On August 5, 2021, President Biden announced that he would sign an Executive Order that sets the ambitious goal of making one-half of all new vehicles sold in 2030 zero emission vehicles, including battery electric, plug-in hybrid electric or fuel cell electric vehicles. While the goals are in line with Biden’s initial Executive Order on climate change, there are a myriad of issues associated with such a plan. In addition, if the escalation of fuel costs over the last eight months have not been enough, the cost of energy, supplies and vehicles are likely to be dramatically higher than combustion engine vehicles used by Americans today.
Although the US Environmental Protection Agency (EPA) and US Department of Transportation (DOT) are charged with addressing smart fuel efficiency and reduced emission vehicle standards, there are questions whether the purported cost savings and climate impacts of the new policy account for what is necessary to produce raw materials, vehicles, and energy to fuel zero emission vehicles. Notably, the President’s announcement suggests that the proposed rules to address these two matters will “deliver around $140 billion in net benefits over the life of the program, save about 200 billion gallons of gasoline, and reduce around two billion metric tons of carbon pollution.” Additionally, that “[f]or the average consumer, this means net benefits of up to $900 over the life of the vehicle in fuel savings.”
Before the vehicles can even be produced sufficient raw materials need to be acquired to provide for the electric vehicle (EV) batteries. Mandating EV by 2030 does not in any way mean that sufficient materials and production will exist to meet that level or, if so, at what cost to American consumers. A recent Wall Street Journal article noted that the International Energy Agency concluded that to get to the level of EV sales mandated under Biden’s Executive Order the demand for key materials to produce the batteries would rise dramatically by 2040, specifically: lithium (4,200%), graphite (2,500%), nickel (1,900%) and rare-earth metals (700%). There are fundamental questions about whether there are sufficient resources and where they would need to be mined.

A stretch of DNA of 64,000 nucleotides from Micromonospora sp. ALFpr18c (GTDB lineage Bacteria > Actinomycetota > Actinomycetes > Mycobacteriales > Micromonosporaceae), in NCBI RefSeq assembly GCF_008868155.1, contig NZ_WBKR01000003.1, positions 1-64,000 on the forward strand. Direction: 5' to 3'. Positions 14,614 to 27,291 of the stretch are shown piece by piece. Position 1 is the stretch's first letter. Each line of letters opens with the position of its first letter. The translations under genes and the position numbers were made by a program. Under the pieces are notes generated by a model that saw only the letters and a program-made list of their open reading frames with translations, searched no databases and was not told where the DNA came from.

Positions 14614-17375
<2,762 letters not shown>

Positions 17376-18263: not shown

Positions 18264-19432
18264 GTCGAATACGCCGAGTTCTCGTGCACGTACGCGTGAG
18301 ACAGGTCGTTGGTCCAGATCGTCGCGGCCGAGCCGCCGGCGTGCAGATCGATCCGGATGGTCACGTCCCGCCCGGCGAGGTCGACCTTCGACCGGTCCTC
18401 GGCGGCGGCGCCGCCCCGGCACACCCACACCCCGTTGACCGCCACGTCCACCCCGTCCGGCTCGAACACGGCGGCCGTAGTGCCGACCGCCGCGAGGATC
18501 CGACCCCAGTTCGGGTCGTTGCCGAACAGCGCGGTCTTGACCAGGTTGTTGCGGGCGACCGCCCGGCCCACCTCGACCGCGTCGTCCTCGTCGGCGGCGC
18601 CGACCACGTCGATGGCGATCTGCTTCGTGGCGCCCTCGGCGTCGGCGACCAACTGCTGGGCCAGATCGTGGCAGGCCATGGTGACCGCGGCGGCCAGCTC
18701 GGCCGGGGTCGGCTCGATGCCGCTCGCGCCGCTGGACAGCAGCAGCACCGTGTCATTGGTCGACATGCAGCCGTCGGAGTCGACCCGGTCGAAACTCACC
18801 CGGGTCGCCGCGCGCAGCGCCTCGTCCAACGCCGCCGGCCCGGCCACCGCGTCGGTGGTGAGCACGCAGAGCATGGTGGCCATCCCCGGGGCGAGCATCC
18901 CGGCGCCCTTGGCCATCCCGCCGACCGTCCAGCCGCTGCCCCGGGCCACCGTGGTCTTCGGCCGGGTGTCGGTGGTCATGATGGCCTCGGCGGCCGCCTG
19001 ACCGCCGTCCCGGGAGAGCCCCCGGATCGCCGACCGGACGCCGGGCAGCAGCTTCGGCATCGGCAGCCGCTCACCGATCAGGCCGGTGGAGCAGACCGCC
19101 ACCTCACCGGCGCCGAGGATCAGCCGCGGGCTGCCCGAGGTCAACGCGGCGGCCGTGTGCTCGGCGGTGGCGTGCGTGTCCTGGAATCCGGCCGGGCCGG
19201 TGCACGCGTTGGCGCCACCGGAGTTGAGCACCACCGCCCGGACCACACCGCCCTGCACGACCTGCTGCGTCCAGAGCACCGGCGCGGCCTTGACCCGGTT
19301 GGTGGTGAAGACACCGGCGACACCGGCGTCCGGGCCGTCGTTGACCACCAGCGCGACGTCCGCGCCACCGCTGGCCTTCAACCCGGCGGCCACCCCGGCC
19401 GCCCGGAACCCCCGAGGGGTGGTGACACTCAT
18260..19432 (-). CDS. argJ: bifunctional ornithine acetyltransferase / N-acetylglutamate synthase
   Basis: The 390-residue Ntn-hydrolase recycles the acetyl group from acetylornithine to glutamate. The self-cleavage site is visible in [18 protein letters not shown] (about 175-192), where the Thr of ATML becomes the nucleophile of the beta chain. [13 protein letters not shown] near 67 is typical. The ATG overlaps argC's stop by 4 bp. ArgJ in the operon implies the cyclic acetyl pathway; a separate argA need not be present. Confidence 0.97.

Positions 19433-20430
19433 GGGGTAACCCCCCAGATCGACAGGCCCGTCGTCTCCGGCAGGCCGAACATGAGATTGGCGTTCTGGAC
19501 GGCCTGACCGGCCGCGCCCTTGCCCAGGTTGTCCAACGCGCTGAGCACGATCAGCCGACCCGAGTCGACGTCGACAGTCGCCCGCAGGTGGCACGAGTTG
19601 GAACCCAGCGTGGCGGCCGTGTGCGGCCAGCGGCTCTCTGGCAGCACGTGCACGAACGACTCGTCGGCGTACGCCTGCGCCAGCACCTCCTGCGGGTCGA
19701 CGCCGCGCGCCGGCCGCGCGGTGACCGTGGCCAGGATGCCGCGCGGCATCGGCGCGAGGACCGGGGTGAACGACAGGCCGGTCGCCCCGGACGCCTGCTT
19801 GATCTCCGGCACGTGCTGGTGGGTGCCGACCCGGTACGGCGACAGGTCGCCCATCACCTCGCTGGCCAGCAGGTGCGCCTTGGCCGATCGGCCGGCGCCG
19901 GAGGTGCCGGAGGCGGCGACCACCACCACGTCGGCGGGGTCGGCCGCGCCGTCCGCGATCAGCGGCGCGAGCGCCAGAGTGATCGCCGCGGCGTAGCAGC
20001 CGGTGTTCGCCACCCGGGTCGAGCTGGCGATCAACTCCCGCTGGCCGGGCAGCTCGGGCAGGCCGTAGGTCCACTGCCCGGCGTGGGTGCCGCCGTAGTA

EVs in the immediate future will use lithium-ion batteries. An Autoweek story on the supply chain issue from November 2020 broke down the source issues. Lithium-ion batteries are composed of an anode made of graphite and cathode of cobalt, nickel, manganese, and other materials. These materials come from limited places in the world. Specifically, lithium is concentrated in Argentina, Bolivia, and Chile. Cobalt comes from the Democratic Republic of the Congo (DRC). Aside from the environmental and human rights issues in these emerging countries, the markets are very concentrated. Chinese companies, backed by the Chinese Communist Party, largely control the extraction and processing of these key minerals. In 2018, China was responsible for more than 85% of DRC’s cobalt ore and concentrate exports. Unfortunately, China’s vertical market control extends beyond the mining and production of raw materials to the actual battery manufacturing. The same Autoweek article noted that a single Chinese battery company supplies four major auto brands with EV batteries. Putting aside the Covid-19 issues and response from China, the last year has high-lighted the significant issues that the US can suffer from disrupted supply chains.
Another issue related to sourcing raw materials is the impact of substantial mining and production on the environment. The environmental impact per EV is substantial and not something that has been addressed in the Biden Administration’s rush to address climate change. For example, a typical EV battery from a popular car maker weighs 1,200 pounds of which approximately 80% of the weight comes from mined materials. The mining impacts alone are mind boggling, with a single EV battery requiring mining 100,000 pounds of raw ore for processing. To meet the Biden EV mandate by 2030 would require the United States to have approximately 10 million electric vehicles. This would translate into mining about 500 million tons of new materials, with corresponding emissions, water use and environmental impacts. Although the Biden Administration and climate groups are vehemently opposed to coal mining and want to eliminate it, at present coal mining in the country only produces about 700 million tons per year.